Friday, August 10, 2012

Looks Like Continuing Tough Sledding Ahead for The Economy and Employment

Inflation adjusted economic growth of ~3% or higher will be required to put a significant dent in the current 8.3% unemployment rate.

That's the simple effect of productivity improvements at an  annual 2% rate coupled with population growth of 1% annually. Hence, 3% growth is approximately the break-even point for getting the U.S. unemployment rate below 8% anytime soon.

With that in mind, the latest survey of economic conditions clearly signals more trouble ahead on the U.S. jobs front. Economists in Philly Fed Survey Lower Forecasts has the story:

"The outlook for the U.S. economy and labor markets is weaker this quarter than it was three months ago, according to a quarterly survey released Friday by the Federal Reserve Bank of Philadelphia.

According to the regional bank’s Survey of Professional Forecasters, real gross domestic product is expected to grow at only a 1.6% annual rate this quarter and 2.2% in the fourth quarter, down from 2.5% and 2.6% forecast three months ago.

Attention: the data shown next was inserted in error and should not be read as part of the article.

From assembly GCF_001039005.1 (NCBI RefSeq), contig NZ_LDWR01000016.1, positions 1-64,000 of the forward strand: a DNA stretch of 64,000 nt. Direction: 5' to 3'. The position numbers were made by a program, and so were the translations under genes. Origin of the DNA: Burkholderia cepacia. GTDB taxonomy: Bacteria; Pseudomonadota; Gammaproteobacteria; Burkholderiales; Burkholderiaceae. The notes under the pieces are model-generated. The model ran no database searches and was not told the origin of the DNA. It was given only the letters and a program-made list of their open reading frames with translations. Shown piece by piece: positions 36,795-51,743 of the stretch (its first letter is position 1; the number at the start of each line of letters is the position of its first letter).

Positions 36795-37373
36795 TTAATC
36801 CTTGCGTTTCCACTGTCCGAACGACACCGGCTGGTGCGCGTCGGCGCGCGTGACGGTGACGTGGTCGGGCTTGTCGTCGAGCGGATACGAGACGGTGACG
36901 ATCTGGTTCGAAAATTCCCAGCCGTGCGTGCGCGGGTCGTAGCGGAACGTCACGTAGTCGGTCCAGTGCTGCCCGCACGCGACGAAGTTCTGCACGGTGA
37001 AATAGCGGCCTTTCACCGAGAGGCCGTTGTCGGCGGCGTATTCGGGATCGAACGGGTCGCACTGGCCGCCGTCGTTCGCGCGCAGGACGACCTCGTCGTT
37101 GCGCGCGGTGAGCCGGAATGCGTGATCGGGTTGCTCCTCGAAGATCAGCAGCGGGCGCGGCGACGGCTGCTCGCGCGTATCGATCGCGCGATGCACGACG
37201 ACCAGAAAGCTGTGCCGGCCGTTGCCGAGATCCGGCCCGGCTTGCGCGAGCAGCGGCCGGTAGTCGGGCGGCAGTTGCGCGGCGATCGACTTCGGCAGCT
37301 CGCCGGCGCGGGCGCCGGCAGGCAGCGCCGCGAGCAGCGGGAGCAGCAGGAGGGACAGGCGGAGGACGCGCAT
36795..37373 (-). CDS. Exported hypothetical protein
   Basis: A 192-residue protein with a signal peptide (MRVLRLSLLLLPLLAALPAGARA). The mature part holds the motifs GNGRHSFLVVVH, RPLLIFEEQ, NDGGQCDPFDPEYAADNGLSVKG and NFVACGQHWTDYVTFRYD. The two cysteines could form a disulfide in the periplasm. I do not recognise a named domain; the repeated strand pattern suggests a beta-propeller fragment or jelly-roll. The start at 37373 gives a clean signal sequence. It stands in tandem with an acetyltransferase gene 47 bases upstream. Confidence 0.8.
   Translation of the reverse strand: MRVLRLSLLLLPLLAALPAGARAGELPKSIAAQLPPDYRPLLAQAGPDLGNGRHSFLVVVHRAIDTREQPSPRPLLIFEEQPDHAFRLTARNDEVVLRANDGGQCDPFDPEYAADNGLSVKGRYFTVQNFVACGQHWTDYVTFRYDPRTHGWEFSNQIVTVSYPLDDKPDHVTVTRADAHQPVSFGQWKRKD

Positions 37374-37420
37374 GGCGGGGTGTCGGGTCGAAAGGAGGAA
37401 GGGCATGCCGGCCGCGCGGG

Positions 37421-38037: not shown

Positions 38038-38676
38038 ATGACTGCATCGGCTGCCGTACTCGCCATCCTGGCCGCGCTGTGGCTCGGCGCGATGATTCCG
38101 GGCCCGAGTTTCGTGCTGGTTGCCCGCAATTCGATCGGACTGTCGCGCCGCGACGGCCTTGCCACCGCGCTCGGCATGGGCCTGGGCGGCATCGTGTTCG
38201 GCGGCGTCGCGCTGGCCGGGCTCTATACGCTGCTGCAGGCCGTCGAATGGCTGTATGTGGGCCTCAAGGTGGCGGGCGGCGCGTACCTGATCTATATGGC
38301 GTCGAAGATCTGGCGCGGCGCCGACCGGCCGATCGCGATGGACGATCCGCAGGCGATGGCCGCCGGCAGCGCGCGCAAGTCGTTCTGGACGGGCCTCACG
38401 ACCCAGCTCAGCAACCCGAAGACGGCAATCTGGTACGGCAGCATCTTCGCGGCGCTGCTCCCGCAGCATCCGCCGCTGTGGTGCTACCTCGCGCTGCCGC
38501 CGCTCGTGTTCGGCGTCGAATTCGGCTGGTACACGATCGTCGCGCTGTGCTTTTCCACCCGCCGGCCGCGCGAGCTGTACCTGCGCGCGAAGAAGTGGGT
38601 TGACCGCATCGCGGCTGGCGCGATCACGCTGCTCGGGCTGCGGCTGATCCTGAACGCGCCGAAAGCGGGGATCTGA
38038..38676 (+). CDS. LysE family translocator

The 48 forecasters surveyed also trimmed their view for the first and second quarters of 2013, with growth of 1.8% and 2.3%, compared with earlier projections of 2.6% and 2.7%.

Lower economic activity forecasts are leading to reduced expectations for job growth. The forecasters now see payroll gains averaging 125,000 per month this quarter and 135,300 in the fourth.

That hiring pace is down sharply from the gains of 170,000 and 172,600 expected in the second-quarter survey.

Slower hiring means the U.S. unemployment rate will remain above 8% until the second quarter of 2013. In the previous forecasts, the economists thought the rate would fall below 8% by the fourth quarter of this year.

The more sober tone of the latest Philly Fed survey highlights the challenges facing policymakers at the Fed. Economic growth is too anemic to provide enough jobs for those who want them.

The Philly Fed survey, however, shows inflation shouldn’t be a concern for years to come, which should give the Fed time to focus on the labor markets. The results show yearly inflation, as measured by the consumer price index, will end 2012 at 1.8%, down from 2.3% projected in the last survey. Inflation is expected to edge up to 2.2% in 2013, up from 2.1%, but still within the Fed’s tolerance."

Summing Up

Things are tough and expected to stay that way for some considerable period of time.

Unfortunately, that prediction makes sense to me and in fact, could be on the optimistic side.

For a change, let's all hope that we get at least a modest surprise to the upside sometime soon. 

Thanks. Bob.

No comments:

Post a Comment